Inventory tracking is complex. Companies spend a lot of money to make it perfect and efficient. And, even then, it offers a lot of problems. That’s why inventory tracking is one of the main focuses of the industries out there. To manage it, companies spend millions of dollars.
Blockchain technology can help solve the problem by offering the ability to companies to not only manage their products at the macro level but also micro-level. For example, companies can keep full track of the logistics by monitoring it in a highly efficient manner.
One such example is IBM’s blockchain-based system. It enables companies to track food items and report their conditions throughout their transaction process. Big companies such as Nestle, Walmart, Unilever, etc, are already taking part in the project and helping to achieve the best possible result.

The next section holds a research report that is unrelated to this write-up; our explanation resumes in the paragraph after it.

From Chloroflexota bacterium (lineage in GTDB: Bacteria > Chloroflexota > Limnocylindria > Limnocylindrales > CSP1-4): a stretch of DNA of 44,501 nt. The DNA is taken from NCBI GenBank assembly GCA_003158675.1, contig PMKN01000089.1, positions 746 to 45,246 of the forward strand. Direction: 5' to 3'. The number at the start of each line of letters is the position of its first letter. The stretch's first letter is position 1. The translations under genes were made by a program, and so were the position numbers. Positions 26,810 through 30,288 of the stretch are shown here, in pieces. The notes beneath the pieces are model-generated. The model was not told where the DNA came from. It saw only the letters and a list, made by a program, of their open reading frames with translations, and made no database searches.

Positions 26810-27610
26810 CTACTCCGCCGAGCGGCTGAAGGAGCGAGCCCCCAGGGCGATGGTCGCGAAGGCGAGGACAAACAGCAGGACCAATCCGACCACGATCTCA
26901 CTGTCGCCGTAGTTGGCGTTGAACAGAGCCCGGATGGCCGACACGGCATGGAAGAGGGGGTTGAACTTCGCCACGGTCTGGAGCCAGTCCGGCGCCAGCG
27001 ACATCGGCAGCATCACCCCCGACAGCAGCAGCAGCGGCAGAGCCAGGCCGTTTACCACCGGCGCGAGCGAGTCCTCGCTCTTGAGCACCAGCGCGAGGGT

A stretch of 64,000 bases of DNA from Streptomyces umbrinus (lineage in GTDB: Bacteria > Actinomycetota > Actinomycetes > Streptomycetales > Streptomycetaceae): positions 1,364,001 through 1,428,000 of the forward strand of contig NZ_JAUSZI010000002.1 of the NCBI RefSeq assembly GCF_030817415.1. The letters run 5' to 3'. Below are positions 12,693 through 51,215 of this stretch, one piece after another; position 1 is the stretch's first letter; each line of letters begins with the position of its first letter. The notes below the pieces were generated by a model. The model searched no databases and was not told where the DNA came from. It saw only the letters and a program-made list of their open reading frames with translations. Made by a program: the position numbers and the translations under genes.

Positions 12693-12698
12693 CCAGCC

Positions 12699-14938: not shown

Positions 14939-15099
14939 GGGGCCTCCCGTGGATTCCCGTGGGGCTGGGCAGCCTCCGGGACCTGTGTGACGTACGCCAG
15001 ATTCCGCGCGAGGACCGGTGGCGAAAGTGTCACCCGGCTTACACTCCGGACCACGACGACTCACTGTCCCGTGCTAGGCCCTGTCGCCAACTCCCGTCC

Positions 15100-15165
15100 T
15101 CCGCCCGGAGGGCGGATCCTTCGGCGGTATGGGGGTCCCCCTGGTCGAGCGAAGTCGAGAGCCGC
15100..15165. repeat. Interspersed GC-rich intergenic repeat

The end consumers will benefit the most out of it as they will always get the food items that are fresh and ready for consumption. Also, the end consumer can also check the condition of the food before consuming it. If the food is expired during transit then the information can be found on the blockchain(even if someone tries to push it to the market for consumption)
Cargo transportation always suffers from disputes. This can happen if the goods are misplaced or delayed. Disputes are hard to resolve and can easily last weeks before they get resolved. All of these mean more resource expenditure from the company.